Yes, in the past, the mean was skewed by high childhood mortality but, it was also skewed by women dying while giving birth. Fortunately, modern medicine has improved things considerably for women and children.

I believe the author’s point was that access to cheap and reliable energy had a lot to do with the improvements to human life expectancy. People now living in areas without that access still have a pretty low life expectancy.

It’s likely that the vandalism of our energy systems is deliberate. Destroying Western countries’ prosperity seems to preoccupy the left, no doubt stimulated by those with vested interests in having that happen. But, some also wish to depopulate the Earth and it is possible that this vandalism will serve their purposes as well.

Jim Masterson
Reply to  Interested Observer
October 4, 2023 1:25 am

And you are trying to make my statement apply to all cases. My example only had two individuals. Which individual died at age 35? I’m just objecting to using an average to apply to all cases. I guess you want the average to apply to all cases. There are people that think everyone died at the age of 35 in the past. That’s obviously false.

Interested Observer
Reply to  Jim Masterson
October 4, 2023 2:26 am

I mistook what you said as a blanket statement, rather than applying to just 2 individuals as you intended.

However, statistics is about groups, not individuals. Extrapolating from life expectancy for a large group to assess an individual’s life span is not a valid application of statistics.

Also, to address your point below, much of modern medicine is totally reliant on modern sources of energy. It would be hard to treat diseases with pharmaceuticals if there was no electricity for the factories that produce them. Diagnostic tools such as MRI’s, CAT scans and ultrasound also require electricity. Blood banks and hospitals also depend on electricity to function properly. All these things and more contribute directly to the high life expectancy of modern societies.

Your statements make it seem that you are not aware how central reliable energy is to modern society. I suggest you try living without any electricity for a week to raise your awareness on this point. Some people can do it but, not many would choose that way of life.

Jim Masterson
Reply to  Interested Observer
October 4, 2023 2:39 am

You are correct about reliable energy. I want reliable energy. And we can achieve much with reliable energy. Drill baby drill! Also, the stupid French have nuclear plants, why can’t we? I’m just objecting to saying that everyone in the past died at 35. If the life expectancy from age zero is 26. Then the life expectancy from age 26 is not zero–as the author’s statement implies.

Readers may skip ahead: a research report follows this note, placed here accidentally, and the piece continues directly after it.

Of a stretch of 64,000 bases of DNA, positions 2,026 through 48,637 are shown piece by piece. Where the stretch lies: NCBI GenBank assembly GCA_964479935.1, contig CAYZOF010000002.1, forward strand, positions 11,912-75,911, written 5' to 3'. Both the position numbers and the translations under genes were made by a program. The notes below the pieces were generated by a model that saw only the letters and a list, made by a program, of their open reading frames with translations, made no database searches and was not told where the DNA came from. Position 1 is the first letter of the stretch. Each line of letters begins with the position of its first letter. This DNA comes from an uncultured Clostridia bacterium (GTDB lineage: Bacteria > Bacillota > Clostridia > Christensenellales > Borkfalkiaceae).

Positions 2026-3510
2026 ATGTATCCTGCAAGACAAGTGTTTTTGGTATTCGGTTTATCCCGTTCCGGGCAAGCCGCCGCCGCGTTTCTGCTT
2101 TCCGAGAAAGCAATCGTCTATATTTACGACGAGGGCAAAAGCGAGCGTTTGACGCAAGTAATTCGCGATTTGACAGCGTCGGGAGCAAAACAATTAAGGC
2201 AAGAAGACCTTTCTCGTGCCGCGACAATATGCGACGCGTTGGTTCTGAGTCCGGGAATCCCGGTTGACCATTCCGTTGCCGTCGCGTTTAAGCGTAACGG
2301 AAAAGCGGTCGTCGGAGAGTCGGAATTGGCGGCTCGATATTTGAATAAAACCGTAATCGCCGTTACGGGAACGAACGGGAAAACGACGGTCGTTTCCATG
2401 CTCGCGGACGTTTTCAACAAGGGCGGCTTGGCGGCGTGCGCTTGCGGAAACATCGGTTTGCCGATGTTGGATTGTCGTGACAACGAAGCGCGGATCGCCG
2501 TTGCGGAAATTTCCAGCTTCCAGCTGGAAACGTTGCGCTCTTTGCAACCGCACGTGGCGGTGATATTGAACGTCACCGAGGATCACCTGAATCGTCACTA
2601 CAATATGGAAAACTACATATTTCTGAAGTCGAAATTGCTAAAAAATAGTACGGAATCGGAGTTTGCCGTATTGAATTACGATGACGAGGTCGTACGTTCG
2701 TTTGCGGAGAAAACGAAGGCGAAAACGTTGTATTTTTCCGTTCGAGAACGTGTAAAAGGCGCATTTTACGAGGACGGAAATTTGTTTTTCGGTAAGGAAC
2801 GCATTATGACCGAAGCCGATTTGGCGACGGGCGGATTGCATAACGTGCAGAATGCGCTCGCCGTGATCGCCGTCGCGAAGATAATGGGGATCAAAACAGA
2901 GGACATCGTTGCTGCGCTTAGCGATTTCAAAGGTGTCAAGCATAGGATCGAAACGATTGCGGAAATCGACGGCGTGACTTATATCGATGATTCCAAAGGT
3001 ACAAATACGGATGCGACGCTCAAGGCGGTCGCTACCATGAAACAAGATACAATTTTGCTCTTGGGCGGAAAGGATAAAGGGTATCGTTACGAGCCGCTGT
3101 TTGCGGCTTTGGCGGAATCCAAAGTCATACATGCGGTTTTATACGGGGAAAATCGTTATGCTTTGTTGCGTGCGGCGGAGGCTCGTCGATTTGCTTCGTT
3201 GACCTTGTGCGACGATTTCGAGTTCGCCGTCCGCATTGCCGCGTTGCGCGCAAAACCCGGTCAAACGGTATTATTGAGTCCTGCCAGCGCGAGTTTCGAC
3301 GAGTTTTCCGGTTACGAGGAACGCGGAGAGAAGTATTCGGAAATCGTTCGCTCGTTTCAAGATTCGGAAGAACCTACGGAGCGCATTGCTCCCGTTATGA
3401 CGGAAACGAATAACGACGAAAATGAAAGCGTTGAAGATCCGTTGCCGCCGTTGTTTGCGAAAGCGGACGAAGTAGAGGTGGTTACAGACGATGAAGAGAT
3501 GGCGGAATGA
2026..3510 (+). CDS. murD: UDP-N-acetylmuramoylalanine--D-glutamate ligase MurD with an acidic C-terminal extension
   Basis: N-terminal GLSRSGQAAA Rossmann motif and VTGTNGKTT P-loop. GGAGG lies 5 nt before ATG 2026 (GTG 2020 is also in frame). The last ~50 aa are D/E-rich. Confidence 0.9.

Interested Observer
Reply to  Jim Masterson
October 4, 2023 2:56 am

No, the author’s statement implies that, if life expectancy is 26, half of the population will die before they reach 27. The other half will live past that age but, how long any individual lives past that age is indeterminate. That person’s chances of living past 60 are pretty slim, though. When life expectancy is 70, however, most people have a good chance of living past 60, statistically speaking.

I freely admit that this is an extremely simplified use of statistics but, I’m only trying to make a simple point. Life expectancy of 26 doesn’t mean no one lives past that age, only that as many people will die before that age as will live past it.

Jim Masterson
Reply to  Interested Observer
October 4, 2023 3:06 am

You lost me–sorry.

Phil R
Reply to  Jim Masterson
October 4, 2023 5:46 am


Rick C
Reply to  Jim Masterson
October 4, 2023 10:15 am

Jim: I can agree that infant/child mortality has a substantial effect of average life expectancy of a population. But I suspect it is also true that the benefits of abundant low cost energy and industrial revolution have had a lot to do with the reduction in early deaths – eg improved agricultural production most certainly reduces early deaths due to malnutrition. Obviously average life expectancy is a metric that includes the influence of greatly improved health related conditions. Going from 28 to 78 in one century is indeed a remarkable testament to the benefits of industrialization.

Steve Case
Reply to  Interested Observer
October 4, 2023 2:00 am

“It’s likely that the vandalism of our energy systems is deliberate. Destroying Western countries’ prosperity seems to preoccupy the left, no doubt stimulated by those with vested interests in having that happen. But, some also wish to depopulate the Earth and it is possible that this vandalism will serve their purposes as well.”

From the article:

“Dismantling our current energy-supply system may go down as one of the greatest acts of economic, environmental and social vandalism in human history. The motives of those standing behind it must be questioned.”

There a lots of juicy quotes like this one from Maurice Strong, Under-Secretary-General of the United Nations:

“Isn’t the only hope for the planet that the industrialized civilizations collapse? Isn’t it our responsibility to bring that about?” Source

You don’t have to look much further than the World Economic Forum and their yearly conference. The Wikipedia link no doubt down plays what the WEF and their Great Reset is all about.

Reply to  Interested Observer
October 4, 2023 8:23 am

…preoccupy SOME of the Left. The Conservatives and Right aren’t standing up either.